There were three traditions that replayed each year at my rural home—a wild cedar, fruitcakes, and a book.
The first weekend in December, we’d all pile into the battered old Ford, drive down to the Suwanee River, and hike along the banks looking for a wild cedar. The tree crew consisted of me, my little brother, Daddy, and Mother. Took us a while to find the perfectly shaped, just right height, cedar to carry home and place before our picture window.
My brother and I anticipated two gifts every year. The first was a stocking stuffed with oranges and pecans. We cracked the nuts by positioning two together in our hands, squeezing them, and picking the nut meat out. We’d toss the broken shells into the open fire and watch them flare up in a blueish flame. The oranges, taken from a case of citrus sent directly from the south Florida groves by Granny and Granddad, were the sweetest.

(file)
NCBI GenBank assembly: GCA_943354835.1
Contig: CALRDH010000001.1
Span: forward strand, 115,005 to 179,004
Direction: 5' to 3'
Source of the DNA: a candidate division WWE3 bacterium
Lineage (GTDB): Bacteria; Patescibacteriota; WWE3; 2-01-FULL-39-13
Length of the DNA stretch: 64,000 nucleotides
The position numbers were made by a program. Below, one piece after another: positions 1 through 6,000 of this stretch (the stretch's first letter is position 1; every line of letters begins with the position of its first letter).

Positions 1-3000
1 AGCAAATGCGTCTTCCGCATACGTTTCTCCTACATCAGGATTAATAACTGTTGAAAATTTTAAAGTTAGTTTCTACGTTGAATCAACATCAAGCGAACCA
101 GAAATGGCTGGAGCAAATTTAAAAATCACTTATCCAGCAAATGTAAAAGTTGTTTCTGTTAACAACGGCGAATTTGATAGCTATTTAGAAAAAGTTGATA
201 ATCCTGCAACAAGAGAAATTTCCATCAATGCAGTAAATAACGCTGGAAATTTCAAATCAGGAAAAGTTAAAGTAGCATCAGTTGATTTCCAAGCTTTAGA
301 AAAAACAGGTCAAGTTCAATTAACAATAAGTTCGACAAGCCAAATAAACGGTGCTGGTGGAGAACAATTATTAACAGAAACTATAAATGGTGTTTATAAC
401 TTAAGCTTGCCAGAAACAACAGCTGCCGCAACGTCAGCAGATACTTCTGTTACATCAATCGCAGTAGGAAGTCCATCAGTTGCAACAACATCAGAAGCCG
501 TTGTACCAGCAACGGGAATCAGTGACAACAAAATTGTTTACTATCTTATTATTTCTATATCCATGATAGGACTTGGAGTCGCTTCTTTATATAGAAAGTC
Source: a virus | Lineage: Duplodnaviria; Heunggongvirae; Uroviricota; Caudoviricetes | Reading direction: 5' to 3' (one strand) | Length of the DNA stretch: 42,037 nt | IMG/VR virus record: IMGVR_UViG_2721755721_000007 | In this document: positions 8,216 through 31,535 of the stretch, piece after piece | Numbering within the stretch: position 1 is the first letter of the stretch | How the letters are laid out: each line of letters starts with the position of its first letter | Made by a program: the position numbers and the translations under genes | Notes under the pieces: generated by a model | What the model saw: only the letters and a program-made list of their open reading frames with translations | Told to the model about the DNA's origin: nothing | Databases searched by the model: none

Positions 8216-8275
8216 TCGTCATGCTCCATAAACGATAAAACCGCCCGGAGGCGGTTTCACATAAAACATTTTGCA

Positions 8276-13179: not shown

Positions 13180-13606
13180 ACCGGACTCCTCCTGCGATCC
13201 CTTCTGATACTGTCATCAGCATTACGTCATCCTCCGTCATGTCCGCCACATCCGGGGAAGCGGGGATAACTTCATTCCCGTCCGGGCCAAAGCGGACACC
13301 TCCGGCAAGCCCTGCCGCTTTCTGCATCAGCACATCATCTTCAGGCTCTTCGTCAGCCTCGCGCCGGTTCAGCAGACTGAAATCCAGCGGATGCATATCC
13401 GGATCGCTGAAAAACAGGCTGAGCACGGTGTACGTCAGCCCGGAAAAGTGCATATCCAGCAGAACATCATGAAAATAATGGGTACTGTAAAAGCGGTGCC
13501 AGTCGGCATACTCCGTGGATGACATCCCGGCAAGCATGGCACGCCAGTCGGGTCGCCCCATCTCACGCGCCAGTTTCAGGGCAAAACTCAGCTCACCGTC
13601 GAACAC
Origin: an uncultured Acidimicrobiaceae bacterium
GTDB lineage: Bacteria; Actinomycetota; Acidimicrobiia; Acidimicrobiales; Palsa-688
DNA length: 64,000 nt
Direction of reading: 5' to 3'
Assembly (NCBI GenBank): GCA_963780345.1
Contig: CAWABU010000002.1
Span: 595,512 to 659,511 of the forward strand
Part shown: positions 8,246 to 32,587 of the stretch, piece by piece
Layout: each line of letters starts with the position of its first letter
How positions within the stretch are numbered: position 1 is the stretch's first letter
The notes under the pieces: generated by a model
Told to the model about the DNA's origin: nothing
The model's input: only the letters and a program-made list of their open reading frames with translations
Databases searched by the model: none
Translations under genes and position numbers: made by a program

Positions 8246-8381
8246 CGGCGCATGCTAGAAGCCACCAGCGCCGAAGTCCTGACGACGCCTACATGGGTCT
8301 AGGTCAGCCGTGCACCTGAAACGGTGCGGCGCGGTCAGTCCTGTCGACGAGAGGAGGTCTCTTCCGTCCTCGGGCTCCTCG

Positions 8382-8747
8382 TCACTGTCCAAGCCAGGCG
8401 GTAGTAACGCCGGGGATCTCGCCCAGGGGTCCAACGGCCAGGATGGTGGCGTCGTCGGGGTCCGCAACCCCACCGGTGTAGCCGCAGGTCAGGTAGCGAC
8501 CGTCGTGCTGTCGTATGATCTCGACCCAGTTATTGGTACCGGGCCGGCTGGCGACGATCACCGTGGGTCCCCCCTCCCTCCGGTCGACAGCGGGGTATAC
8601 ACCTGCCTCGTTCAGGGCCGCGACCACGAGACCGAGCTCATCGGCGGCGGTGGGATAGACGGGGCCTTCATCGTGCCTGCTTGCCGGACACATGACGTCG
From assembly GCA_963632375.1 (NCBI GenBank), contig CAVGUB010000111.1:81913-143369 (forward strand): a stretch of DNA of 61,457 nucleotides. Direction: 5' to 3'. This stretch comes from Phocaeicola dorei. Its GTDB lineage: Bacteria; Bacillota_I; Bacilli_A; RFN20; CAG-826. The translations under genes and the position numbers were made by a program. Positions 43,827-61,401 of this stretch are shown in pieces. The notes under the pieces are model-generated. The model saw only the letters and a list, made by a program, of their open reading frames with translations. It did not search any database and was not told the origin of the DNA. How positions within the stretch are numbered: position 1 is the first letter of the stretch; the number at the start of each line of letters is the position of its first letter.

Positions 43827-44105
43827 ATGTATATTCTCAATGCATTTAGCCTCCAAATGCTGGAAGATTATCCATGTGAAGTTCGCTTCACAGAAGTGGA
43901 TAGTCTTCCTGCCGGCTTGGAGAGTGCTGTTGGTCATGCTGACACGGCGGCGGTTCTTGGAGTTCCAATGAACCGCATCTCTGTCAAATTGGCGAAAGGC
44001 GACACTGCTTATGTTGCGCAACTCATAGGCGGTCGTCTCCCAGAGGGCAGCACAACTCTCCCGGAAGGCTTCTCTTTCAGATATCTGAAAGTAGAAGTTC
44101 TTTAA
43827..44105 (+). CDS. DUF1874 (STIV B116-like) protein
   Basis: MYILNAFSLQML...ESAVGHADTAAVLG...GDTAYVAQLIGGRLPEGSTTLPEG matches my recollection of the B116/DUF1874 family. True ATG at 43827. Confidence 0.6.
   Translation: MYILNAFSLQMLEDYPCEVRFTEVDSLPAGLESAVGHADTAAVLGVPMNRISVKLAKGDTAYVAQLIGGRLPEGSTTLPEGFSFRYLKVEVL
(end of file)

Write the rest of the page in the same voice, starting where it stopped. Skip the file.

But the real treasure, annually, was a book. Until my brother, eight years younger than myself, learned to read, we shared a book. Annie of Green Gables, The Black Stallion series, and books by Jack London were favorites. Brother, me, and Mother read a chapter each evening beginning Christmas night. The time shared – her in the old armchair, brother sitting in her lap, and me perched on an overstuffed arm – was priceless. As time went by, and my brother learned to read, we nonetheless gathered in the evenings over a chapter. That gift of reading, of time shared, and windows thrown open on adventure, remains with me today.
Our third tradition was fruitcake. Mother, Granny, various aunts, and cousins gathered the first week of November to make fruitcakes. Candied fruit, nuts, and butter were added to a dark molasses batter while we mixed and talked family into lore. Once baked, the cakes were stored away in a large, clean lard can, wrapped in a homemade, peach brandy-soaked cloth until Christmas week, when they were given as gifts to family and neighbors.
While time has taken its toll, memories remain warm. I don’t make fruitcake nor peach brandy. There’s no wild Christmas tree. Oranges still make nice stocking stuffers. Salvaged among the glitter and commercialism, there rests a traditional fruitcake and books. Special gifts for chosen family.